Tag Archives: Daniel Falcone

Guest Post by Daniel Falcone: John Halle Discusses Electoral Politics, Noam Chomsky, and the Core Commitments of the Enlightenment

John Halle is the Director of Studies in Music Theory and Practice at Bard College Conservatory of Music, a position he assumed after serving for ten years in the music department at Yale University. As an active composer and theorist, his scholarship focuses on connections between the mental representation of language and music. Halle is also known for his political writings and collaboration with Noam Chomsky. Along with Chomsky, he co-authored, An Eight Point Brief for LEV (Lesser Evil Voting), a widely read essay, in the summer of 2016.

In this interview, Halle explains the need to engage in electoral politics while maintaining a high level of skepticism for the paternalistic elites found in both dominant political parties. Further, Halle makes observations of how those on the left can more adequately reevaluate their relationship with activism, protest and revolution. Halle explains how this all can fit into creating a viable and workable policy agenda that can be moved forward until radical structural reform of the current system is achieved. Many of these ideas culminate from his discussions with Chomsky (a family friend).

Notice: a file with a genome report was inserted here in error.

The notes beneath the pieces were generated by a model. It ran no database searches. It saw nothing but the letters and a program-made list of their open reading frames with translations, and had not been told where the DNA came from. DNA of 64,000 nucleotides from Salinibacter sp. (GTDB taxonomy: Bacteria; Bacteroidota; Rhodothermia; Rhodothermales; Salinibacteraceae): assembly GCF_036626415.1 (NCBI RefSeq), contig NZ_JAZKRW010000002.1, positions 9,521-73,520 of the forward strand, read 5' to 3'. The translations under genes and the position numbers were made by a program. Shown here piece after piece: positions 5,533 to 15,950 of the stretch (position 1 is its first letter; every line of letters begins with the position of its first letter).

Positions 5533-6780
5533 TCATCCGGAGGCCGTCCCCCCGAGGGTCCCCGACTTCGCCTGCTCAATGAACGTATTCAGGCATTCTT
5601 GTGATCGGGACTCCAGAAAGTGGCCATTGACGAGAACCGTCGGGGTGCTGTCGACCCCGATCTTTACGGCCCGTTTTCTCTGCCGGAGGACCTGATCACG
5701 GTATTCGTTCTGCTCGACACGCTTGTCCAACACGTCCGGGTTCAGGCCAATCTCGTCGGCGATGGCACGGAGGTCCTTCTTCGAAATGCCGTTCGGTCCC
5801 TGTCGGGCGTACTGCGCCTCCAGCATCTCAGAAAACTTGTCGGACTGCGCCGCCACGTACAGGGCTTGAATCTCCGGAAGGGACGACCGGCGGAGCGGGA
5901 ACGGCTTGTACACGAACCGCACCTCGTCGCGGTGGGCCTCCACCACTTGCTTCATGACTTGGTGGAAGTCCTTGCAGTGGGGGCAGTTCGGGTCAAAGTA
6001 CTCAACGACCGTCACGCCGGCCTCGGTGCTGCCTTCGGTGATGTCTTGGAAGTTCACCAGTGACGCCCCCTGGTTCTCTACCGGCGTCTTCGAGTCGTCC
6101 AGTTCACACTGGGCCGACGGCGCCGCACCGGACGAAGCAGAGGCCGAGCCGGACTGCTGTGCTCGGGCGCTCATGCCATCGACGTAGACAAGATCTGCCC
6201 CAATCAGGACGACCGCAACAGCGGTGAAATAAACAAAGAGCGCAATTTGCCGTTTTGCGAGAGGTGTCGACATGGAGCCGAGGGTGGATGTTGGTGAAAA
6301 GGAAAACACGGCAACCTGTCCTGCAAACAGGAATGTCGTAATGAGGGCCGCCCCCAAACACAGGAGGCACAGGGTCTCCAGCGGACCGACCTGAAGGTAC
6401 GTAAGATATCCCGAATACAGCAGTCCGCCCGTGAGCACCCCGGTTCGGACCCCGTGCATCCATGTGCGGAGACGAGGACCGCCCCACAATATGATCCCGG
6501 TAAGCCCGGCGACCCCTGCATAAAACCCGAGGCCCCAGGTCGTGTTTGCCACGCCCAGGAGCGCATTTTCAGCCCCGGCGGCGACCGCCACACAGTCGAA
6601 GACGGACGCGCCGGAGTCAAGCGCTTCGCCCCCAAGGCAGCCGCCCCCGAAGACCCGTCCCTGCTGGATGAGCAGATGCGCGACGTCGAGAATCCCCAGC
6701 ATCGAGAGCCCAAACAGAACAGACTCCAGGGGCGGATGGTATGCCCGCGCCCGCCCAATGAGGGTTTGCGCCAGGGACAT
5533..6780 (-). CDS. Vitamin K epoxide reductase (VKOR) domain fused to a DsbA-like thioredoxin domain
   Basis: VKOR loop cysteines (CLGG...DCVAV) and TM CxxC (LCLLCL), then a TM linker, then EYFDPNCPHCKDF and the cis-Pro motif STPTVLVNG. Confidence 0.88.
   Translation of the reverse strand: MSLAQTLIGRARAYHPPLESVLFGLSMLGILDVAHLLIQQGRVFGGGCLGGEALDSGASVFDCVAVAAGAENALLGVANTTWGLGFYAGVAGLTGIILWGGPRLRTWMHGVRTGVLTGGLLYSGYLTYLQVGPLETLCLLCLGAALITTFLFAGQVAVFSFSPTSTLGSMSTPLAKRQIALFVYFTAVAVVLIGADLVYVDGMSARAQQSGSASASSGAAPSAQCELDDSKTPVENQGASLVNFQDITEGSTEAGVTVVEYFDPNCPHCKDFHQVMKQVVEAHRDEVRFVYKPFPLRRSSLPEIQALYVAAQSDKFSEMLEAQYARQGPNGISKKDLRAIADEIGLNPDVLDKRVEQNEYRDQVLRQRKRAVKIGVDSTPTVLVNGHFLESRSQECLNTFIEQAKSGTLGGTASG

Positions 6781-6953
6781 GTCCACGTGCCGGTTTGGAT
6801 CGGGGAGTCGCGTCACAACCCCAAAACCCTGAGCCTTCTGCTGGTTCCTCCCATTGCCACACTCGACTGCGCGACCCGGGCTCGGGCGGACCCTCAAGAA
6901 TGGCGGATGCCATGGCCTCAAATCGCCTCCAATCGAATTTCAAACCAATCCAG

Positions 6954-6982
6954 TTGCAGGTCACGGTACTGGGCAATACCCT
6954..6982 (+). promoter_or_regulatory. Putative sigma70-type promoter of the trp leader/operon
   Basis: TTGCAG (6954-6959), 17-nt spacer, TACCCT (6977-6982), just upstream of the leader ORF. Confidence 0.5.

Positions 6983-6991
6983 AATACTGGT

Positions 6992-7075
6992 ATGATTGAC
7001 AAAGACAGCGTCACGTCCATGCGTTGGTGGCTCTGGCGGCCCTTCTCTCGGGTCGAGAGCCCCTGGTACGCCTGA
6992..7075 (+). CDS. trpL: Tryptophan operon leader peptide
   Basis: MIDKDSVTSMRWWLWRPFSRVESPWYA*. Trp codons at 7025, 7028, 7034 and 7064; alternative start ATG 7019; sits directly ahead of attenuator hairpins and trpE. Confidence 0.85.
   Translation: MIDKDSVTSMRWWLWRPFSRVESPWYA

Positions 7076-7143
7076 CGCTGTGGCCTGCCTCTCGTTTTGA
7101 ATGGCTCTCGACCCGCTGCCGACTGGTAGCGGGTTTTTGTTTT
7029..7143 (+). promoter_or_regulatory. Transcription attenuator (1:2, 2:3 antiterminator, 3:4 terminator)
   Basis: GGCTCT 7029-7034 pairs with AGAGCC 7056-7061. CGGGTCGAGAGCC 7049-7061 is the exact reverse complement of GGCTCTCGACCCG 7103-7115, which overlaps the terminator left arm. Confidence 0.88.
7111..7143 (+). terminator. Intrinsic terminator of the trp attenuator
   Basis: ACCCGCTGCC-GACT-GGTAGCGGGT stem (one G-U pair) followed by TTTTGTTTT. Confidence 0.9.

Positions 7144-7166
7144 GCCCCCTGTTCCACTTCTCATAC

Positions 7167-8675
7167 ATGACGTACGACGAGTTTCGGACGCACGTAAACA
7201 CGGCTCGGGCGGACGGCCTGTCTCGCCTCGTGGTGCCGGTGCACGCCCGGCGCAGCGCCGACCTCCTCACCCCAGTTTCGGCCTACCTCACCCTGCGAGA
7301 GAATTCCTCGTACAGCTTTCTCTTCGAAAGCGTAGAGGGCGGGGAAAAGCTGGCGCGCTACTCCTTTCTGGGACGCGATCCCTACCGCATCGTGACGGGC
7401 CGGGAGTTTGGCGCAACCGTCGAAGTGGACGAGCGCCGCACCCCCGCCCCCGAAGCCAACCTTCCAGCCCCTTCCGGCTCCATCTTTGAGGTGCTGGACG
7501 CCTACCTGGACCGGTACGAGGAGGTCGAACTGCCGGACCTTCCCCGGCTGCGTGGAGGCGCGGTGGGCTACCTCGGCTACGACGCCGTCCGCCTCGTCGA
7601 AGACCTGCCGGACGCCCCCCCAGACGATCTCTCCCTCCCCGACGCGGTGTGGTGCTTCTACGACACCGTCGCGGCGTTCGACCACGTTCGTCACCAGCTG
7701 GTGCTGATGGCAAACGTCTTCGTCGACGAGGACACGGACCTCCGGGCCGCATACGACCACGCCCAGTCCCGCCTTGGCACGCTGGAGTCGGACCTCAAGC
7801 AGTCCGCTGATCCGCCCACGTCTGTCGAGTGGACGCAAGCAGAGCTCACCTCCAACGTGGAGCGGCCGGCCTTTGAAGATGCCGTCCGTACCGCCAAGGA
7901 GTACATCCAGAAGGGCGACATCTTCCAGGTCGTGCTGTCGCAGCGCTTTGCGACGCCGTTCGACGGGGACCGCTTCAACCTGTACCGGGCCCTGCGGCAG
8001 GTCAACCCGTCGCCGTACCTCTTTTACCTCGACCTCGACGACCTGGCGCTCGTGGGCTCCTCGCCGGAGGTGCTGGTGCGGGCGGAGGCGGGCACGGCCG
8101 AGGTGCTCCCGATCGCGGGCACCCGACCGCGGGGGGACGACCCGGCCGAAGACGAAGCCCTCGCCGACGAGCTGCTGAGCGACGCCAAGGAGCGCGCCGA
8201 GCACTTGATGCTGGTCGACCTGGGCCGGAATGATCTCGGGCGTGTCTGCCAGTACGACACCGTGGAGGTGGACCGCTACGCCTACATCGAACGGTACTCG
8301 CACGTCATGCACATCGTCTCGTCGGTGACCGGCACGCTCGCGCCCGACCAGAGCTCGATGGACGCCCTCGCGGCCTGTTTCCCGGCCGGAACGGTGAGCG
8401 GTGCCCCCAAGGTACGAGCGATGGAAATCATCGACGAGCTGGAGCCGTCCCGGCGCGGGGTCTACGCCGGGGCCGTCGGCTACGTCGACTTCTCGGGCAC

Daniel Falcone: Should people be more engaged in electoral politics now with the Trump Administration in office? Many have been reluctant to do so in the past. Here, I’m basically expressing the need to strategically vote against Republicans. What are your thoughts?

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